Dana Fishkin is an associate professor of History at Touro College in New York. She holds a dual appointment at Lander College for Women and the Graduate School of Jewish studies, where she teaches courses on medieval history, literature and Jewish studies. Dana’s research focuses on Jews of late-medieval Italy, and she is currently writing a book on the fourteenth-century Jewish poet and scholar, Immanuel of Rome.
Rella Kushelevsky is a professor emerita at Bar-Ilan University, the Department of the Literature of the Jewish People. She specializes in medieval Hebrew tales, contextualized in their cultural milieu, and in Talmudic tales from literary and hermeneutic aspects. Recent books are: Penalty and Temptation, Hebrew Tales in Ashkenaz (Jerusalem: Magnes, 2010, Hebrew), and Tales in Context Sefer ha-Ma’asim (Ms. bodl. Or. 135) in Medieval Northern France (Raphael Patai Series in Jewish Folklore and Anthropology, Wayne State University Press, 2017).
Astrid Lembke is a professor of Yiddish Literature and Culture at the University of Vienna. Before moving to Austria, she worked in Frankfurt a. Main, Heidelberg, and Berlin (Humboldt-Universität and Freie Universität). Her research focuses on early modern Yiddish adaptations of non-Jewish narratives, on German courtly literature of the 13th century, on the modern reception of medieval literature, and on hagiography. She has just published a book on fictional inscriptions (Inschriftlichkeit. Materialität, Präsenz und Poetik des Geschriebenen im höfischen Roman) and, together with two colleagues, an edition and translation of a medieval legendary text on St. George (Reinbot von Durne: Der Heilige Georg). She is currently preparing a critical edition of the Old Yiddish courtly romance Widuwilt.
Ruth Nisse teaches in the Department of English and the Center for Jewish Studies at Wesleyan University. Her most recent book is Jacob’s Shipwreck: Translation, Diaspora and Jewish-Christian Relations in Medieval England (Cornell University Press, 2017). She has previously written about Alexander romances in “Diaspora as Empire in the Hebrew Deeds of Alexander (Ma’aseh Alexandros),” in Alexander the Great in the Middle Ages: Transcultural Perspectives, ed. Markus Stock (University of Toronto Press, 2016).
Since 2008, Ruth von Bernuth has taught Medieval and Early modern German and Yiddish literature and culture in the Department of Germanic and Slavic Languages and Literatures of the University of North Carolina at Chapel Hill, where she is also the director of the Carolina Center for Jewish Studies. For a research project on Yiddish literature she was awarded a visiting fellowship in Jewish Studies from Yad Hanadiv and Beracha Foundation in Israel in 2011–2012. Her most recent book, How the Wise Men Got to Chelm: The Life and Times of a Yiddish Folk Tradition (New York University Press, 2016), examines the multiple ways in which the Jewish story tradition of the “Wise Men of Chelm” came into being. Website: https://gsll.unc.edu/current-faculty/vonbernuth/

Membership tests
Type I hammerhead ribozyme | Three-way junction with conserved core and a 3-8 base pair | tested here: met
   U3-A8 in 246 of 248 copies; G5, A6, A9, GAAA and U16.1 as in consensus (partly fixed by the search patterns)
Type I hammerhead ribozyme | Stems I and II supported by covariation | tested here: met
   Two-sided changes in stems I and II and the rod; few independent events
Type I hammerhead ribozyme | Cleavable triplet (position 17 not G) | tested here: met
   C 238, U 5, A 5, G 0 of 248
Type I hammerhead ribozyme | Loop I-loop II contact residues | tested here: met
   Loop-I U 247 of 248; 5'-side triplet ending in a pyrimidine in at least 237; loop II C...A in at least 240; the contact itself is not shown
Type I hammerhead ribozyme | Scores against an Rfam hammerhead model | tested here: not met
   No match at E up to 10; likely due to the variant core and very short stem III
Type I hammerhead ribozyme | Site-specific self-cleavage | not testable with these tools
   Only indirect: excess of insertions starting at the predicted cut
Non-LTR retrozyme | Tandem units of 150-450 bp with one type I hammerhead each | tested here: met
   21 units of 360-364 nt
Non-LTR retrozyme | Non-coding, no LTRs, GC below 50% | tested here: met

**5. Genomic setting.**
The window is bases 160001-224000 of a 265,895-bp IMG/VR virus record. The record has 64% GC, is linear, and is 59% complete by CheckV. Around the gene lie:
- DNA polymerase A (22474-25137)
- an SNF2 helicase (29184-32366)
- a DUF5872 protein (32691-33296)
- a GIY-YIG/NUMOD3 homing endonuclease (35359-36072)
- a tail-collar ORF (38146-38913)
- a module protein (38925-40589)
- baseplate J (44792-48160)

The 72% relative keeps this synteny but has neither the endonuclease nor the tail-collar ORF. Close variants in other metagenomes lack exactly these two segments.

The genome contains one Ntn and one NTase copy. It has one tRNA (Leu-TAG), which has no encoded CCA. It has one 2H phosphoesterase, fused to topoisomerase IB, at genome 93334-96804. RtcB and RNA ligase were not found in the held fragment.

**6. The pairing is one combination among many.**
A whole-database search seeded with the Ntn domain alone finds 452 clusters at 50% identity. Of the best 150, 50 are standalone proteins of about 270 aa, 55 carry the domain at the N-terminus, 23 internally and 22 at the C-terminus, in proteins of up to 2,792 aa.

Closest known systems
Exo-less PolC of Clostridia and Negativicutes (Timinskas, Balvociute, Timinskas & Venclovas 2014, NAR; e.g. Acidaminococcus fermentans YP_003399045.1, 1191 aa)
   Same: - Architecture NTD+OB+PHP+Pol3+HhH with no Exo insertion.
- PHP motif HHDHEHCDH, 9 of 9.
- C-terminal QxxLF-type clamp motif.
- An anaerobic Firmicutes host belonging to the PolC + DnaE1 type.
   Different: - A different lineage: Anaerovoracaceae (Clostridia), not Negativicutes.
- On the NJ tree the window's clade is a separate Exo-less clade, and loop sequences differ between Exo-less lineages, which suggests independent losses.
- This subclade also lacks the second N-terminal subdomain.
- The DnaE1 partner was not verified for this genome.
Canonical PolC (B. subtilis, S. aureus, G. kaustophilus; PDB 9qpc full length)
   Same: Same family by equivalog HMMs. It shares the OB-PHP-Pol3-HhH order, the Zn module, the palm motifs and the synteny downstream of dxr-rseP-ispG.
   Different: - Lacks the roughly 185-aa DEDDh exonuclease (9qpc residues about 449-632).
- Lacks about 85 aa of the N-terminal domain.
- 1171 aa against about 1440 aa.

David Wacks is head of the Department of Romance Languages and professor of Spanish at the University of Oregon. He earned his Ph.D. in Hispanic Languages and Literatures from UC Berkeley in 2003. In 2006 he was Harry Starr Fellow in Judaica at the Harvard Center for Jewish Studies. He is author of Framing Iberia: Frametales and Maqamat in Medieval Spain, (Brill, 2007), winner of the 2009 La corónica award, and Double Diaspora in Sephardic Literature: Jewish Cultural Production before and after 1492 (Indiana University Press, 2015), winner of the 2015 National Jewish Book Award in the category of Sephardic Culture, and Medieval Iberian Crusade Fiction and the Mediterranean World (University of Toronto Press, 2019). He is also co-editor, with Michelle M. Hamilton and Sarah J. Portnoy, of Wine, Women, and Song: Hebrew and Arabic Poetry of Medieval Iberia (Juan de la Cuesta, 2004); co-editor, with Michelle M. Hamilton, of The Study of al-Andalus: The Scholarship and Legacy of James T. Monroe (ILEX Foundation, 2018), and general editor of Open Iberia/América: Teaching Anthology (https://openiberiaamerica.hcommons.org/). His current book project is titled People of the Book: Jewish, Christian, and Muslim Retellings of the Hebrew Bible in Medieval Iberia. He blogs on his current research at http://davidwacks.uoregon.edu.